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Effects of non-linear processing on information transfer in the lateral geniculate nucleus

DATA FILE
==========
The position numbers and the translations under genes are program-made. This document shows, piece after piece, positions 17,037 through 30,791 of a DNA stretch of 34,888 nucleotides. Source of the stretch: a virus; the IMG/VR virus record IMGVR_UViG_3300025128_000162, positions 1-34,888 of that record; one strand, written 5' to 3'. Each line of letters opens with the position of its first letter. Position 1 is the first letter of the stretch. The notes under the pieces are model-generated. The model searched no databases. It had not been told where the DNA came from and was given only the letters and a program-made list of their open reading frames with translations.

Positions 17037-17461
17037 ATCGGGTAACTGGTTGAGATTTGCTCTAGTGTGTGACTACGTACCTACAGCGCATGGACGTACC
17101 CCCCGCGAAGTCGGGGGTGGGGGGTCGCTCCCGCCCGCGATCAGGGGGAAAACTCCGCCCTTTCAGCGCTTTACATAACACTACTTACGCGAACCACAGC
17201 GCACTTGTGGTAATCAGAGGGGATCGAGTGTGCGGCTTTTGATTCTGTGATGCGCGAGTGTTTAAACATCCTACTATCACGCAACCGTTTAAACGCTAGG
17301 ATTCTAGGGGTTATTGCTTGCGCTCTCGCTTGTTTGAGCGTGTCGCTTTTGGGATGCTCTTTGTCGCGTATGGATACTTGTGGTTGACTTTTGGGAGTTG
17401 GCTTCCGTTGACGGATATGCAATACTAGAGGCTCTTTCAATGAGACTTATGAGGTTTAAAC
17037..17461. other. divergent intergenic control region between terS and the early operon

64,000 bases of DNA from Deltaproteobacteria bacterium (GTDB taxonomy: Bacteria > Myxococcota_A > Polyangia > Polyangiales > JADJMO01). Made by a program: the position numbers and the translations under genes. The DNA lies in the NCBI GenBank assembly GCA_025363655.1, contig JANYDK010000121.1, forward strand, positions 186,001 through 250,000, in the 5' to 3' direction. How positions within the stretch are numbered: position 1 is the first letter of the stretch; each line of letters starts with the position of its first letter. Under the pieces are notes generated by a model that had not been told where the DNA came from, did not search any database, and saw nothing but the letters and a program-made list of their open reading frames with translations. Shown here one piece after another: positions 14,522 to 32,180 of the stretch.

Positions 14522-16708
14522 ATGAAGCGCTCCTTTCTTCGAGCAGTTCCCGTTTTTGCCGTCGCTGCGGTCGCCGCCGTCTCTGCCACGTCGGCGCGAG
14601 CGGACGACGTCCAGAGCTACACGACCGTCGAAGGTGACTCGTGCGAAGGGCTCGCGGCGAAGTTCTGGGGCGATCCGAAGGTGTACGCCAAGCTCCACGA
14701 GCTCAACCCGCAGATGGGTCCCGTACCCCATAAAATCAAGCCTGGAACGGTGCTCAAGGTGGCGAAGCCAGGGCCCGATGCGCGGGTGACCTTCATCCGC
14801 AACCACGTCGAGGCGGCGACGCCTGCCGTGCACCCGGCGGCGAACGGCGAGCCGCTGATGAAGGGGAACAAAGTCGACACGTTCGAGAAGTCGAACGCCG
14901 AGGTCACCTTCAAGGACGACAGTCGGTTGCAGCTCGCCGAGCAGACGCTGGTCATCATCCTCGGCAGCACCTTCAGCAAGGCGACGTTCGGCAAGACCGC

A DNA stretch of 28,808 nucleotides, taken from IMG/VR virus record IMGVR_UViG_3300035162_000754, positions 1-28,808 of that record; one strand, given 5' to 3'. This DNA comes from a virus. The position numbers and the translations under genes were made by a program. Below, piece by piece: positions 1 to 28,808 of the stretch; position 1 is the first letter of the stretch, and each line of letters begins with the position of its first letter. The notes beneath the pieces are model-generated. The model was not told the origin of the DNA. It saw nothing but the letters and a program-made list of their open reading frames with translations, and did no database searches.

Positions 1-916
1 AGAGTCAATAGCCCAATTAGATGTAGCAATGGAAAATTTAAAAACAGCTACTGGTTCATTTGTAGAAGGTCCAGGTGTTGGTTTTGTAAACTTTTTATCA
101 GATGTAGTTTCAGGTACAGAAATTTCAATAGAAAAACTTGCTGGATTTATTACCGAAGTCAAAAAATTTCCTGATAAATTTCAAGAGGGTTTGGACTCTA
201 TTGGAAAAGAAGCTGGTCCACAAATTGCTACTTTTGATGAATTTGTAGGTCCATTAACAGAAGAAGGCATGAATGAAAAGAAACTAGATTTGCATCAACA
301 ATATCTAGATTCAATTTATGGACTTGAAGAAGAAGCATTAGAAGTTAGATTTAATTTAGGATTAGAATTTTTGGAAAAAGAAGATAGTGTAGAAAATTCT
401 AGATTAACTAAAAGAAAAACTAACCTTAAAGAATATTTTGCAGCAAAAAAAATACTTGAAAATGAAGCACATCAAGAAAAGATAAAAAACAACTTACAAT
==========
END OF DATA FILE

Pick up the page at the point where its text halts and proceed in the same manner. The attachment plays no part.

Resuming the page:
Visual neurons' spike trains represent a large variety of visual stimuli. The local contrast varies across natural scenes, and the absolute luminance changes that define visual features during low-contrast stimuli are much smaller than during high-contrast stimuli. The contrast of the scene can remain relatively stable for an extended period of timing, suggesting that it would be advantageous for the neuron to adjust its coding strategy to the stimulus contrast. However, the contrast can also rapidly change. If the neuron utilizes different coding strategies during different stimulus conditions, it is imperative that the neuron be able to recognize when the statistics of the stimulus have changed. We propose that neurons in the lateral geniculate nucleus (LGN) utilize nonlinear properties in order to encode visual information across a variety of stimulus conditions. In Chapters 2 and 3, we find that bursts and single spikes represent distinct stimuli, such that distinguishing between the bursts and single spikes provides information about the stimulus. Because bursts only occur following prolonged hyperpolarization, this suggests a means by which the neuron can encode the stimulus context: bursts may provide information about whether a stimulus is surprising given the recent stimulus history. In Chapter 4, we report the contrast normalization allows LGN neurons to encode information about stimuli across a wide range of local contrasts. Cells exhibiting strongest contrast normalization are best able to preserve information across stimuli. Furthermore, both the contrast normalization and the associated preservation of information could be reproduced by a non-adapting LGN model. In Chapter 5, we report other contrast-dependencies of the model, show transient changes in the model responses following a contrast change, and describe why the model is able to exhibit contrast normalization

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